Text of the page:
Journal of Youth and Adolescence

, Volume 38, Issue 3, pp 417–428

The Role of Violent Media Preference in Cumulative Developmental Risk for Violence and General Aggression

Authors

    • Department of PsychologyRutgers University
    • University of Michigan
  • L. Rowell Huesmann
    • University of Michigan
  • Brad J. Bushman
    • University of Michigan
    • VU University Amsterdam
  • Maureen O’Brien
    • University of Michigan
  • Dominic Moceri
    • University of Michigan
Empirical Research

DOI: 10.1007/s10964-008-9335-2

Cite this article as:
Boxer, P., Rowell Huesmann, L., Bushman, B.J. et al. J Youth Adolescence (2009) 38: 417. doi:10.1007/s10964-008-9335-2

Abstract

The impact of exposure to violence in the media on the long-term development and short-term expression of aggressive behavior has been well documented. However, gaps in this literature remain, and in particular the role of violent media exposure in shaping violent and other serious antisocial behavior has not been investigated. Further, studies of violent media effects typically have not sampled from populations with confirmed histories of violent and/or nonviolent antisocial behavior. In this study, we analyzed data on 820 youth, including 390 juvenile delinquents and 430 high school students, to examine the relation of violent media use to involvement in violence and general aggression. Using criterion scores developed through cross-informant modeling of data from self, parent/guardian, and teacher/staff reports, we observed that childhood and adolescent violent media preferences contributed significantly to the prediction of violence and general aggression from cumulative risk totals. Findings represent a new and important direction for research on the role of violent media use in the broader matrix of risk factors for youth violence.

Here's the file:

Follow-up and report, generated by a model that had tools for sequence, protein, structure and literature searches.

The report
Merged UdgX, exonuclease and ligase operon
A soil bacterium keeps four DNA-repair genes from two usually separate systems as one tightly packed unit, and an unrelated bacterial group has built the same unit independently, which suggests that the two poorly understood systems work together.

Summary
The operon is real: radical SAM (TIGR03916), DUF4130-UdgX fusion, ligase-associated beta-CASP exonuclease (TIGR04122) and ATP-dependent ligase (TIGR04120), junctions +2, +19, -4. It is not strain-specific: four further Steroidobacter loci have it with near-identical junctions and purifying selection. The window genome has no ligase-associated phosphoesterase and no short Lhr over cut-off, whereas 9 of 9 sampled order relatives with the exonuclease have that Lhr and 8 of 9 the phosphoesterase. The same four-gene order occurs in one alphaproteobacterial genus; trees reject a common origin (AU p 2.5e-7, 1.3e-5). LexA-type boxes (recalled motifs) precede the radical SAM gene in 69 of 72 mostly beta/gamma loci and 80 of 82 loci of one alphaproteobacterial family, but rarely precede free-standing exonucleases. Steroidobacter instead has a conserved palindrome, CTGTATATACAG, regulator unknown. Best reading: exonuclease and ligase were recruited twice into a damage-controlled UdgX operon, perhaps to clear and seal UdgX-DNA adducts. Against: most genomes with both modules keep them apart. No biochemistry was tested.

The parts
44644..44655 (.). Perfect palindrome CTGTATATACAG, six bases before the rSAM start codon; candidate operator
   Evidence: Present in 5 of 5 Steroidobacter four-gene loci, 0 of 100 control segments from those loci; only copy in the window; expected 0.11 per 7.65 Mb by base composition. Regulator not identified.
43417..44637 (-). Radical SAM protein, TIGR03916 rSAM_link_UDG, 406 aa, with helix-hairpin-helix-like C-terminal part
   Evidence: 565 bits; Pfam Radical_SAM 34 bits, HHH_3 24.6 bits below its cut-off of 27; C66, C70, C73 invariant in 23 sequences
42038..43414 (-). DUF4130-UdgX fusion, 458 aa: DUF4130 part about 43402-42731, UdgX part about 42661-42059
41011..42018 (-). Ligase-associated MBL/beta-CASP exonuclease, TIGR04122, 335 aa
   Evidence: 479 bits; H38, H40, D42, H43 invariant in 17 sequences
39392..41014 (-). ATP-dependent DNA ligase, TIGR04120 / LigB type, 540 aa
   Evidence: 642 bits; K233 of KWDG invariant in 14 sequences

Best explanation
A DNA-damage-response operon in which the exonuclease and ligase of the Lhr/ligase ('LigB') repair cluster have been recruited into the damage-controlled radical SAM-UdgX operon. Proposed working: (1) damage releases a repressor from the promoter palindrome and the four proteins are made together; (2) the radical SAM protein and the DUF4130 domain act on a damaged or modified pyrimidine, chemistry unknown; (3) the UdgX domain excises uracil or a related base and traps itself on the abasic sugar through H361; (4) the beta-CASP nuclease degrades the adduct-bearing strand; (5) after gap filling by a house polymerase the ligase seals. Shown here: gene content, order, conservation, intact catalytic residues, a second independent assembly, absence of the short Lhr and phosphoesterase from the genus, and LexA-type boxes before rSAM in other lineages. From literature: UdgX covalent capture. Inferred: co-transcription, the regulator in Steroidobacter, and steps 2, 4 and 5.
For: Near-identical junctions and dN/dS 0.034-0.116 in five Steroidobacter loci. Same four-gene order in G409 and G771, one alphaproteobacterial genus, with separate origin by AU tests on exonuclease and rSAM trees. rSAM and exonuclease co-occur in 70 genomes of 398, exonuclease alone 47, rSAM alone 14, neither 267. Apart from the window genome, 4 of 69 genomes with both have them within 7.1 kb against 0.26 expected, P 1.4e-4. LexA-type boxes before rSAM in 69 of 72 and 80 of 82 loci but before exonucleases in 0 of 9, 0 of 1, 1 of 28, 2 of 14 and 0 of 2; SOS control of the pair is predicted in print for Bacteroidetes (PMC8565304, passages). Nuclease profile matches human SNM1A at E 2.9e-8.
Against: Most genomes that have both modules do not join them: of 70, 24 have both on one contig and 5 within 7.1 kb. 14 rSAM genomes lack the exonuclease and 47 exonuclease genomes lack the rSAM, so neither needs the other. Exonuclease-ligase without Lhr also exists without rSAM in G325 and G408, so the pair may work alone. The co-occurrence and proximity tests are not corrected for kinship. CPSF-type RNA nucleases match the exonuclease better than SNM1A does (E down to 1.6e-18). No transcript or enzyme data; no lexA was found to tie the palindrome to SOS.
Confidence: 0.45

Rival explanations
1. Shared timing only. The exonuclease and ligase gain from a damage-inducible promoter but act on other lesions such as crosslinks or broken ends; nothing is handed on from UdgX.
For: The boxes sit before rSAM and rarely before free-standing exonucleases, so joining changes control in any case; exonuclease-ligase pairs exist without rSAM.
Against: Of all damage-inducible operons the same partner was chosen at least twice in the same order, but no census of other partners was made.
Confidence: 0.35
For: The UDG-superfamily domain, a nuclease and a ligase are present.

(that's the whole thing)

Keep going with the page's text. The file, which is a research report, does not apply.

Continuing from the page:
Keywords

Media Violence Delinquent Aggression Risk

Copyright information

© Springer Science+Business Media, LLC 2008